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L.A. Tennis Tournament Gets a Real Downer

Times Staff Writer

With the force of a backhand down the line, Los Angeles’ professional tennis tournament got the stinging news it expected Friday morning.

In the 1990 tour of the Assn. of Tennis Professionals, the Volvo/Los Angeles tournament will be downgraded to an open-week event.

Top-10 players are required to play in 11 Championship Series tournaments, the highest level. Top-10 players need not play in open-week events.

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That much was expected. What was not expected, however, was the tone of the comments about open-week tournaments made by ATP officials, who announced the 1990 schedule here at a press conference.

The Volvo/Los Angeles tournament will move to new dates in 1990, starting July 30, instead of its usual post-U.S. Open dates in September.

Weller Evans, tour manager of the ATP, said that it will be easy for tennis fans to discern the difference between Championship Series and open-week tournaments.

Open-week events, such as Los Angeles, “will have a certain regional appeal,” said Evans, who added: “In those weeks, major tournament tennis is not being played.”

That came as a surprise to Bob Kramer, promoter of the Volvo/Los Angeles tournament.

“Regardless of what comments are made there, we’re going to have a good tournament,” Kramer said. “Before anyone calls anything a lesser event, they should prove it.”

The Newsweek Champions Cup in Indian Wells will be a Championship Series event. That $1-million tournament will be played the week of March 5 at Hyatt Grand Champions.

Bob Green, the ATP player liaison director, said a major tournament in Indian Wells would serve the Los Angeles market.

As for open-week events such as Los Angeles, Green said they have their own place on the ATP tour.

“Those open weeks will be smaller events and they will feed off the popularity of the championship series weeks,” he said. “They will be helped by the ATP tour emblem. When the ATP tour event comes to your town, that means the best players in the world are coming to your town.”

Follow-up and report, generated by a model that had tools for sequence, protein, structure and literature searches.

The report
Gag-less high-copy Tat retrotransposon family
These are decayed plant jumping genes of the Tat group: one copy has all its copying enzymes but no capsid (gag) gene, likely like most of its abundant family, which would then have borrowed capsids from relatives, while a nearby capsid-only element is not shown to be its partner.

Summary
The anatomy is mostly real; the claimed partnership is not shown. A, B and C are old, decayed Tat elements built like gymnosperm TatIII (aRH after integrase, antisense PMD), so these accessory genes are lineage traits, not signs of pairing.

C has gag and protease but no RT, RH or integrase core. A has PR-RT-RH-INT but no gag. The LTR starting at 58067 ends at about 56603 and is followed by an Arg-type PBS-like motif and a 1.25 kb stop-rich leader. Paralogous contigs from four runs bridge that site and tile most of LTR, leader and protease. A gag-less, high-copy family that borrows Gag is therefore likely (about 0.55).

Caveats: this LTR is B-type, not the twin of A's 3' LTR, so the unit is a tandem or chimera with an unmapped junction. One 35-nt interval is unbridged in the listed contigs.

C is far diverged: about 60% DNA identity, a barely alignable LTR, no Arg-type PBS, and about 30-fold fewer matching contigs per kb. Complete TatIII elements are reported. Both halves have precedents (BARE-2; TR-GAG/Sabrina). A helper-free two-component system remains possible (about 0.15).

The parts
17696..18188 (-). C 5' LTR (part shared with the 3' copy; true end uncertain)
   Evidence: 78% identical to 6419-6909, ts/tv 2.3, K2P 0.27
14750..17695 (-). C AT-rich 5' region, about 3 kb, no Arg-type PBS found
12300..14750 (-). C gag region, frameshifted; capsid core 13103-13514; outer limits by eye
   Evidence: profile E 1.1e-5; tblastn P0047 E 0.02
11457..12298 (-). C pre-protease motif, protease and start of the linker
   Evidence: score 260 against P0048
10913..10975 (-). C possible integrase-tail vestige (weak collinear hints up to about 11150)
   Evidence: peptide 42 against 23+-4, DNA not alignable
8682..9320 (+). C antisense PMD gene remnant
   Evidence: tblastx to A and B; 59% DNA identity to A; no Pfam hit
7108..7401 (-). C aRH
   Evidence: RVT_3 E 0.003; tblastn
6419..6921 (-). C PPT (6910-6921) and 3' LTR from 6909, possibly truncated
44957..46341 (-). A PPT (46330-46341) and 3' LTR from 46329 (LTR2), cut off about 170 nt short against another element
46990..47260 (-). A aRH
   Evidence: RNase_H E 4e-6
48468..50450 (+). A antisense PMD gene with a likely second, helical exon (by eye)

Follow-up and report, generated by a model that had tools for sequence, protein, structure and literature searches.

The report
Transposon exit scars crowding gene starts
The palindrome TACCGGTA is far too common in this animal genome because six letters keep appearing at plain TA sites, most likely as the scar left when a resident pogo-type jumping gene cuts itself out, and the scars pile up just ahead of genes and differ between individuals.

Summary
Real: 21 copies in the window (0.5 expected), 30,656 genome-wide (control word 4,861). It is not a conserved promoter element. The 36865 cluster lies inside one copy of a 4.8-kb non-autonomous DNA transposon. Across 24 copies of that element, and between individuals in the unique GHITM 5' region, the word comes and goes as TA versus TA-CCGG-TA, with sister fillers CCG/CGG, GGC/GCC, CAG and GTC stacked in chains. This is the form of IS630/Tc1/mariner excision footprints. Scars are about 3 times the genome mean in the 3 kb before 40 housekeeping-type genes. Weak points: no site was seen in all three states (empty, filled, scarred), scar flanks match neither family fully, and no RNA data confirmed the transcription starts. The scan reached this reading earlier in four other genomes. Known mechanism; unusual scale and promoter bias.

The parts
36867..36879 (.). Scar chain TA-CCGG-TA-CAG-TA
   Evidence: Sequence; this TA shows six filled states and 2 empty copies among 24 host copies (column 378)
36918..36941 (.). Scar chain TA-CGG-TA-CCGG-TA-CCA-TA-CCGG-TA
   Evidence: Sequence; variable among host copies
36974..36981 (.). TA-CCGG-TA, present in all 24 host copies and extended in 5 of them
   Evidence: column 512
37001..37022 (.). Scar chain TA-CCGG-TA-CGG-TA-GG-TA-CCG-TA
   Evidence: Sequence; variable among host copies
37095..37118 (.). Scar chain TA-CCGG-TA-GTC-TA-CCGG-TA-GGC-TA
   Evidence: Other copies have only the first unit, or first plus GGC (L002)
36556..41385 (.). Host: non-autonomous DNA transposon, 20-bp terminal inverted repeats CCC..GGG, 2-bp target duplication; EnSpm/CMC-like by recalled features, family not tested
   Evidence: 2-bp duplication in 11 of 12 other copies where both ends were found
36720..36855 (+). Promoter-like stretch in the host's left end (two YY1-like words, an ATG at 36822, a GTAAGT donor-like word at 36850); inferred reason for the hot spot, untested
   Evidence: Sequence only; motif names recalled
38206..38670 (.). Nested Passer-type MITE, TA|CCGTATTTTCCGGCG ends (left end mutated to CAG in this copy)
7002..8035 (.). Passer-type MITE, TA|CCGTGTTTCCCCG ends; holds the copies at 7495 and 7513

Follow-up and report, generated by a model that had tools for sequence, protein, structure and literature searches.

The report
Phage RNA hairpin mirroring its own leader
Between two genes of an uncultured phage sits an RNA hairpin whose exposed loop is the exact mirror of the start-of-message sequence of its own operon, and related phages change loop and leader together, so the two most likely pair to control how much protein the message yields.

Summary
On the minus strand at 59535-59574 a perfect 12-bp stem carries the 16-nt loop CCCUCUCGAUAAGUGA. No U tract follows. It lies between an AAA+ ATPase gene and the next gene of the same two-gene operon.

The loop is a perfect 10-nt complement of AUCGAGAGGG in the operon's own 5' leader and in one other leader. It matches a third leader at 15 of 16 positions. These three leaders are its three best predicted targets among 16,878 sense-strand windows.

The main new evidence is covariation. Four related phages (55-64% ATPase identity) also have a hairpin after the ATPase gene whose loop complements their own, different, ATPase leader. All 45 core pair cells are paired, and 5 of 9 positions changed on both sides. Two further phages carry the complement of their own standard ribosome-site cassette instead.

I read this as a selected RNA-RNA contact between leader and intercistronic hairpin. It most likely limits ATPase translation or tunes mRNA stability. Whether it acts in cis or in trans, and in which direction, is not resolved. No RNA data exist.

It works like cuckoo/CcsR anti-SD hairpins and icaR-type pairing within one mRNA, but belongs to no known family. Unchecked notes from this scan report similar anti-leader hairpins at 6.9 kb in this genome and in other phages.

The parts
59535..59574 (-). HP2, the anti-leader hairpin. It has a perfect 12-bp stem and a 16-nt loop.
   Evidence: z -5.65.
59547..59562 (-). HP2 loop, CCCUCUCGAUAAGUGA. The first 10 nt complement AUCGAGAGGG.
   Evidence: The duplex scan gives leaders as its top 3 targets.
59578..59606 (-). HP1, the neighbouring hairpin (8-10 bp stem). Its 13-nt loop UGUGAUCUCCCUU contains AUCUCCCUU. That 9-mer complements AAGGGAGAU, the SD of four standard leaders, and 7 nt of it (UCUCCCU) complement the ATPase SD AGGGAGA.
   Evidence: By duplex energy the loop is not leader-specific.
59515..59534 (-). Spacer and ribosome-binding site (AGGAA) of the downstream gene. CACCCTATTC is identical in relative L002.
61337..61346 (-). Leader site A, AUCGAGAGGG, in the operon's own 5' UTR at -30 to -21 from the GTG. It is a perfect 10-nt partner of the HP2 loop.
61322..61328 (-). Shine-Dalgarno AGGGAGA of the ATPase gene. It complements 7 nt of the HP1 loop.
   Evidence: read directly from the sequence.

Kramer certainly hopes so. He believes that many of the top-10 players won’t want to commit to the same tournaments, so they could be willing to play in open-week tournaments like his.

Events in Kitzbuhel, Austria, and Bastad, Sweden, have the same dates as the $250,000 Volvo/Los Angeles tournament.

The ATP has agreed to legitimize the payments of guarantees to players to compete in open-week tournaments, a practice that was forbidden for top-level Super Series events on the Grand Prix tour.

Kramer said that Volvo/Los Angeles has not yet decided whether to pay guarantees. He estimated that such fees for top-10 players range from $50,000 to $100,000.

“We’re pretty confident we can get a good field,” said Kramer, who added that players may use the tournament as a warm-up for the U.S. Open.

In the 1990 tour, a total of 77 ATP tournaments will be played in 28 countries for $38 million in prize money. Weeks when there is only one Championship Series event, seven top-10 players are designated to play. When there are two such events, three top-10 players are designated for each tournament. However, since no top-10 players are designated to play in open weeks, it is unclear how many of them will actually commit.

“We, the top 10, have to play 11 tournaments of the big events, the $1-million events,” Boris Becker said. “If any of us want to play more, he can. If he doesn’t, he doesn’t. It’s freedom of choice.”


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